Skip to main content

Unfortunately we don't fully support your browser. If you have the option to, please upgrade to a newer version or use Mozilla Firefox, Microsoft Edge, Google Chrome, or Safari 14 or newer. If you are unable to, and need support, please send us your feedback.

Publish with us
Inner Hair Cell

Inner Hair Cell

Cochleocytus internus

Read more

Quick Facts

The inner hair cells are flask-shaped auditory hair cells, arranged in a single row on the medial side of the inner tunnel of the organ of Corti; they receive impulses from the outer hair cells and transform them into electrical signals that are given to the cochlear nerve for transmission to an auditory cortex in the brain. These cells are surrounded by supporting phalangeal cells (Dorland, 2011).

Complete Anatomy
The world's most advanced 3D anatomy platform
Try it for Free
Related parts of the anatomy

Structure and/or Key Feature(s)

The hair cells of the cochlea are mechanosensory cells which are found on the superior aspect of the basilar membrane. There are two types, inner and outer hair cells, which possess common features. They are typically elongated cells that contain stereocilia on their apical pole and are associated with a synaptic complex at their basal pole. The inner and outer hair cells are also arranged in rows and the apices of the hair cells inclining in toward each other, at the same angle as the neighboring inner and outer pillar cells. The structural inclination of the hair cells is supported by the closely related supporting cells. These include the border cells and the phalangeal cells. The apices of the hair cells and the supporting cells are linked by tight junctions, adherens junctions, and desmosomes. This forms an impermeable barrier, called the reticular lamina, for the passage of ions. Endolymph (high potassium and low sodium concentrations) engulfs the apical surfaces of the hair cells and the supporting cells, while perilymph (high sodium and low potassium) bathes their lateral and basal aspects. This separation generates an electrochemical gradient along the lamina, forming an endocochlear potential which is necessary for the depolarization of hair cells (Standring, 2016).

Some differences in the outer and inner hair cells structure separate the distinctive roles both cell types have is sound transduction. There are around 3,500 inner hair cells in the human cochlea, arranged in a single row. This row of inner hair cells is positioned internal to the inner pillar cells and the tunnel of Corti. Individually, the inner hair cells possess an uneven pear shape; they are typically broadest at the basal pole and become narrower toward the apical pole.

At the apical surface, fine wispy projections known as the stereocilia emerge. There are anywhere between 50 and 60 stereocilia per inner hair cell. They possess many direct connections with each other via lateral and tip links. These stereocilia also ascend in height, within the tallest stereocilia located on the outer aspect of the cell surface. The base of each inner hair cell makes 10–20 synaptic contacts with afferent nerve ending (Goutman, Elgoyhen and Gómez-Casati, 2015).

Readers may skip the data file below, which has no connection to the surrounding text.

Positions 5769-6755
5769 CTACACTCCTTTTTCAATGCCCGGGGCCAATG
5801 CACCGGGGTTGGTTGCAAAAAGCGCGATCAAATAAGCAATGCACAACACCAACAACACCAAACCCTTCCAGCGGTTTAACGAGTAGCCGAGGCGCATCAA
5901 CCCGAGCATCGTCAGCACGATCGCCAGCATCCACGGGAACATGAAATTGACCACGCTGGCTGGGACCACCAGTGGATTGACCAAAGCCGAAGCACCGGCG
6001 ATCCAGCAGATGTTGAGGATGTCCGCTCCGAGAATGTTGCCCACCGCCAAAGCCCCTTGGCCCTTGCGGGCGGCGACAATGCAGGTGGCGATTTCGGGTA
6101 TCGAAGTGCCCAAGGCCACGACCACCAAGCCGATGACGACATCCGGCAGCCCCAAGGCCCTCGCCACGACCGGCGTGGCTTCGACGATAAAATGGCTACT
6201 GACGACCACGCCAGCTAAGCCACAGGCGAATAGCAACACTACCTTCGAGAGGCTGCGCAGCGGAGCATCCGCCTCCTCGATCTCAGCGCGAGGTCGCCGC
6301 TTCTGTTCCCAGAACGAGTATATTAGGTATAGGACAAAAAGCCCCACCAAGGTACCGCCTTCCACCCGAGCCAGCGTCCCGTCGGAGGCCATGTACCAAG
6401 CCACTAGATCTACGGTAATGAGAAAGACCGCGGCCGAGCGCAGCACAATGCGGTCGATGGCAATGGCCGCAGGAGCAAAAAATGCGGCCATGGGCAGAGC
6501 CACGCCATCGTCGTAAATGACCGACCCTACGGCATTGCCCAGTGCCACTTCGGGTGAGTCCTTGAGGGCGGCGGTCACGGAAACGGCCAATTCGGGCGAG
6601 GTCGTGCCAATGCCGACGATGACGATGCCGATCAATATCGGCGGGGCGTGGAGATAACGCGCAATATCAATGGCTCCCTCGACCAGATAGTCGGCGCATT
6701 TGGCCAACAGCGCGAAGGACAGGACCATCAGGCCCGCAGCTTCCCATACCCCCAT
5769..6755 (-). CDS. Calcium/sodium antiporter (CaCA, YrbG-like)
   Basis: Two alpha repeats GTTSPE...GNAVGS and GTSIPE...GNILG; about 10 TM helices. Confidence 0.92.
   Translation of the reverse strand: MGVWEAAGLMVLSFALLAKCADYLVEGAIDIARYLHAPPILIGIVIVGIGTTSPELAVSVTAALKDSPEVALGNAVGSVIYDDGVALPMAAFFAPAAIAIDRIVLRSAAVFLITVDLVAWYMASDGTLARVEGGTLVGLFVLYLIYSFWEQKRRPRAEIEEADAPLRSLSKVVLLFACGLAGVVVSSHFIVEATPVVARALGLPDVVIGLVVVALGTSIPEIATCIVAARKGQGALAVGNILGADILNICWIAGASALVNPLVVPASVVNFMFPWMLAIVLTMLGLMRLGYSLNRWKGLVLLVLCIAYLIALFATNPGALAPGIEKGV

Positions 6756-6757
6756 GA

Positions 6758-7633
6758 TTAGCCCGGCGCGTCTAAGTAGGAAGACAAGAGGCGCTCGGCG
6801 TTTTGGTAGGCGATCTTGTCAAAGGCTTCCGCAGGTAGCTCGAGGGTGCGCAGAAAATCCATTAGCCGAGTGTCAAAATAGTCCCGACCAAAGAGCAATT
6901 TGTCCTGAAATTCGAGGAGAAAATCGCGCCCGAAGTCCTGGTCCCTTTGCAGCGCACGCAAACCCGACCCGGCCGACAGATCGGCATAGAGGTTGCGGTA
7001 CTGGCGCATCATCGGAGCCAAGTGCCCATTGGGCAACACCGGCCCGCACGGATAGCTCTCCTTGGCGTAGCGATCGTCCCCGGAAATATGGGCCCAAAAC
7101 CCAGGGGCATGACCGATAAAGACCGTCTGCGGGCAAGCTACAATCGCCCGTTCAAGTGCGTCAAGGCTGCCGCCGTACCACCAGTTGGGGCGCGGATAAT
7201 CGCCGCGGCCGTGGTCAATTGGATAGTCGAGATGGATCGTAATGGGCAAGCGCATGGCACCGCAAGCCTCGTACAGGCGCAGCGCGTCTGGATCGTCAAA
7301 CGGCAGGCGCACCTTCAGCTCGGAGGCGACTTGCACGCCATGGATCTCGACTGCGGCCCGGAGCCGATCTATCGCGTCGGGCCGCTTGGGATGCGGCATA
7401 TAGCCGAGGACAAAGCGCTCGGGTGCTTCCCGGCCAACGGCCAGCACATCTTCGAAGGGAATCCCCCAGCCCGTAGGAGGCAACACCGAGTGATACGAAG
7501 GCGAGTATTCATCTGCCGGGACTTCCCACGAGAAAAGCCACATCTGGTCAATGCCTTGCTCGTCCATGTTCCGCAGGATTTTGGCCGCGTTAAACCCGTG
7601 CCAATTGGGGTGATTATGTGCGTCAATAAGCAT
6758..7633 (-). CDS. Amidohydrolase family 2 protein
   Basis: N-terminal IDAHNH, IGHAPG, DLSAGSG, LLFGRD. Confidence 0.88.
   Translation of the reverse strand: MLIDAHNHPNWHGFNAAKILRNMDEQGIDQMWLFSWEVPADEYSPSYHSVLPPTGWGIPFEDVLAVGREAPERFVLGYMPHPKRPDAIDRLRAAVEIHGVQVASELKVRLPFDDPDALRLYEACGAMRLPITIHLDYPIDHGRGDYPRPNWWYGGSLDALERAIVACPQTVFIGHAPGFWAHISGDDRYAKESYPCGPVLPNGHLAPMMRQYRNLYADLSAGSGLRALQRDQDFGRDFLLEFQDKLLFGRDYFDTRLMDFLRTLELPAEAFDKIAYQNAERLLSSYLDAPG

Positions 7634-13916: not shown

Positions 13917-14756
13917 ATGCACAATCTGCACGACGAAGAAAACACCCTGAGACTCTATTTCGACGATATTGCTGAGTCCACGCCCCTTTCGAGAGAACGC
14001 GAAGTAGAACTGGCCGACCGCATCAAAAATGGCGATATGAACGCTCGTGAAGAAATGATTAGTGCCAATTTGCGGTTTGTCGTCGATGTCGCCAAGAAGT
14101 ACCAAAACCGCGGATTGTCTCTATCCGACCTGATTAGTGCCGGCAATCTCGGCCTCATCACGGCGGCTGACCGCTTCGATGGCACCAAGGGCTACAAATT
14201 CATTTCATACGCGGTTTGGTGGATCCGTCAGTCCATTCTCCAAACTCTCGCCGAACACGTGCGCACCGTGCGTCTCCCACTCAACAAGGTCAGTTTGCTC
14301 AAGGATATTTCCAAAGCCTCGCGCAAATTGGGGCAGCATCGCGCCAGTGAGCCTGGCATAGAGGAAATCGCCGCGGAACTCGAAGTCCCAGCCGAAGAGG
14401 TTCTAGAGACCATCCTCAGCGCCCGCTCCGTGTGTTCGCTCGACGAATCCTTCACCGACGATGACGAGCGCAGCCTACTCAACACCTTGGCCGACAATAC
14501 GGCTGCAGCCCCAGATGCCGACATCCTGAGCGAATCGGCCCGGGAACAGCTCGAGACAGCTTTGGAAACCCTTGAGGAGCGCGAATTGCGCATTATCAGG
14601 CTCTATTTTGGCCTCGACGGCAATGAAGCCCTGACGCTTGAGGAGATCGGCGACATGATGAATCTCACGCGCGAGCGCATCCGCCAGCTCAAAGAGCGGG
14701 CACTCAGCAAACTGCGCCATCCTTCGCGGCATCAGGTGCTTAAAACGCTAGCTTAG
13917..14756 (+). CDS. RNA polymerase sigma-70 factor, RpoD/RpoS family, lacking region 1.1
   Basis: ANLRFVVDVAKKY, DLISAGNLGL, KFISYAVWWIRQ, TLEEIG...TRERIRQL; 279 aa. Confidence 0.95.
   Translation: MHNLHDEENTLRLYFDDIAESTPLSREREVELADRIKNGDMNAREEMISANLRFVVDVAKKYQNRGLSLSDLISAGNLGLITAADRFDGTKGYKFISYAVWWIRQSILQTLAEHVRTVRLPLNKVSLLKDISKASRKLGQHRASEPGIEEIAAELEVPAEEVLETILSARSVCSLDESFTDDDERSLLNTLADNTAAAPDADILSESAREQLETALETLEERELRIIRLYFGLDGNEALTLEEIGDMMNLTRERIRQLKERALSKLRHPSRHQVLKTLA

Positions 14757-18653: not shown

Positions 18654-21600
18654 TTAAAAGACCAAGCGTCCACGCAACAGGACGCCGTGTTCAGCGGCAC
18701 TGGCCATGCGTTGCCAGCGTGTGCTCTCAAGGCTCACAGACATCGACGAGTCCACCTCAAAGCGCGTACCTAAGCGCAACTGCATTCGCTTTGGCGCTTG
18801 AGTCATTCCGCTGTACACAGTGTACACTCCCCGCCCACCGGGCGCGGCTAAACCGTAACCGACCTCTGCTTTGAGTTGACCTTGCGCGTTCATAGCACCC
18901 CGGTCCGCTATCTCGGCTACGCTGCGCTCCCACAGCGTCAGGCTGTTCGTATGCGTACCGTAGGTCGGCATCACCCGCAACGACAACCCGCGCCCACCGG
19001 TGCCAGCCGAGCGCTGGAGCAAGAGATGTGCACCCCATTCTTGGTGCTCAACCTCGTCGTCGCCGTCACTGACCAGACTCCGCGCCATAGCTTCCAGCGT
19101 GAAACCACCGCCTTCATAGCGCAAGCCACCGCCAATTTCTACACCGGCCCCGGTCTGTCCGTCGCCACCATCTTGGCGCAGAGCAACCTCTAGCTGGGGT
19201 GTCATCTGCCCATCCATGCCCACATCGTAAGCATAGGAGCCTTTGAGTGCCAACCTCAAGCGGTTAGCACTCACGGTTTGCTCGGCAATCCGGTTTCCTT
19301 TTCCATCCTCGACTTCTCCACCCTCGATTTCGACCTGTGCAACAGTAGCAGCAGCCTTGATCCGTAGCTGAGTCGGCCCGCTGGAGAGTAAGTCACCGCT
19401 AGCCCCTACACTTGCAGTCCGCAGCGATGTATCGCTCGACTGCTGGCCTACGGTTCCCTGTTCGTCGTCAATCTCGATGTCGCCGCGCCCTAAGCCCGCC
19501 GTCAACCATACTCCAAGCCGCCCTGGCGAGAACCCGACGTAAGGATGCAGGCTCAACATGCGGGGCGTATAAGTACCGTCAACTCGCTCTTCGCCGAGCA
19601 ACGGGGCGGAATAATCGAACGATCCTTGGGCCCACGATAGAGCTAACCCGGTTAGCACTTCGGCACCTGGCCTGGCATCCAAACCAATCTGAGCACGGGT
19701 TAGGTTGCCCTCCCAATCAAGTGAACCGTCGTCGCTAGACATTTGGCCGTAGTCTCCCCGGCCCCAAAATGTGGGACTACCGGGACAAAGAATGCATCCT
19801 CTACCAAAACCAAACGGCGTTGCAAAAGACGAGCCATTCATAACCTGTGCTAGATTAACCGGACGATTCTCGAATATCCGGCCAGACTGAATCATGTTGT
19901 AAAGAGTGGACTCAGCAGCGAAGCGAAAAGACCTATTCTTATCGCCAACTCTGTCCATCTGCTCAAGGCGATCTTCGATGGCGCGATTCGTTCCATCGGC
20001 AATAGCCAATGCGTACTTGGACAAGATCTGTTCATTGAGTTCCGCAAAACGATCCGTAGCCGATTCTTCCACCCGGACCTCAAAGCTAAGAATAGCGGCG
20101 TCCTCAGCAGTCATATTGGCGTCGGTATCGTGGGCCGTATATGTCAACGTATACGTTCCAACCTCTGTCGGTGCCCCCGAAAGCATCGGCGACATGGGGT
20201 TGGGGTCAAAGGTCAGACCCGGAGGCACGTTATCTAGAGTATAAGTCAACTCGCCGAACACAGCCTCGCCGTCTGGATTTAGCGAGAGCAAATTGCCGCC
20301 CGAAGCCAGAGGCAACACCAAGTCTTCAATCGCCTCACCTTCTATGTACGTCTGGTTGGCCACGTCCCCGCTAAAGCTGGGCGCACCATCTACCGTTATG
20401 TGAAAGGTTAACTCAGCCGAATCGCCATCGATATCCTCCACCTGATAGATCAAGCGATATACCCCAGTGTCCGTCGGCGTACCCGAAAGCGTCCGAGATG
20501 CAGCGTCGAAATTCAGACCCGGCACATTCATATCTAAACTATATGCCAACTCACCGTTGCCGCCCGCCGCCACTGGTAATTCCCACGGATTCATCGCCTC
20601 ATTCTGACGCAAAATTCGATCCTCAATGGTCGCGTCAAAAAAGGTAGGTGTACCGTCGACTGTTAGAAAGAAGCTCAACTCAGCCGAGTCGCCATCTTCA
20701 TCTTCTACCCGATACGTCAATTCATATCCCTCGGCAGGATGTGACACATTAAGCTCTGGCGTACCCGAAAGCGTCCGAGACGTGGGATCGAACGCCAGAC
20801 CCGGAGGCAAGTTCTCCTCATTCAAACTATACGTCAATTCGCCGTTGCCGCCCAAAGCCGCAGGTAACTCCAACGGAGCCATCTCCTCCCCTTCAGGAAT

Anatomical Relations

The inner hair cells are located on the superior aspect of the basilar membrane and are the closer of the two hair cell types to the internal sulcus of the spiral lamina. They are inferior and closely related to the underside of the tectorial membrane. They have a lot of epithelial structures neighboring them, providing support to the inclination of the inner hair cell. External to the inner hair cells are the inner and outer pillar cells. The tunnel of Corti is formed by the angling of these pillar cells against each other. Internal to the inner hair cells are the inner phalangeal and inner border cells.


The hair cells function to transduce the vibrations of the sound energy coming from the middle ear into the cochlea into nerve impulses. The hair cells are extremely sensitive and can detect the frequency and amplification of these sounds.

Sound waves result in disruption of the surrounding cochlear fluid, which creates deflections of the stereocilia at their base from their original position, thus resulting in mechanotransduction. This is facilitated by the opening of the mechanotransduction cation channels, resulting in a graded depolarization due to ionic transfer between the surrounding endolymph. This information is carried through the afferent synapses and all the way to the auditory processing centers. The inner hair cell nerve synapses provide information about the acoustic environment, rather than sound amplification, which has a stronger association with outer hair cells.

The structural incline of the inner hair cells occurs at an angle similar to that of the incline of the neighboring inner pillar cells. This delicate arrangement is firmly correlated to the sensory performance of the cochlea (Goutman, Elgoyhen and Gómez-Casati, 2015).

List of Clinical Correlates

—Sensorineural hearing loss


Dorland, W. (2011) Dorland's Illustrated Medical Dictionary. 32nd edn. Philadelphia, USA: Elsevier Saunders.

Goutman, J. D., Elgoyhen, A. B. & Gómez-Casati, M. E. (2015) Cochlear hair cells: The sound-sensing machines. FEBS letters, 589(22), 3354-3361.

Standring, S. (2016) Gray's Anatomy: The Anatomical Basis of Clinical Practice., 41st edition. Elsevier Limited.

Complete Anatomy

The world's most advanced 3D anatomy platform

Complete Anatomy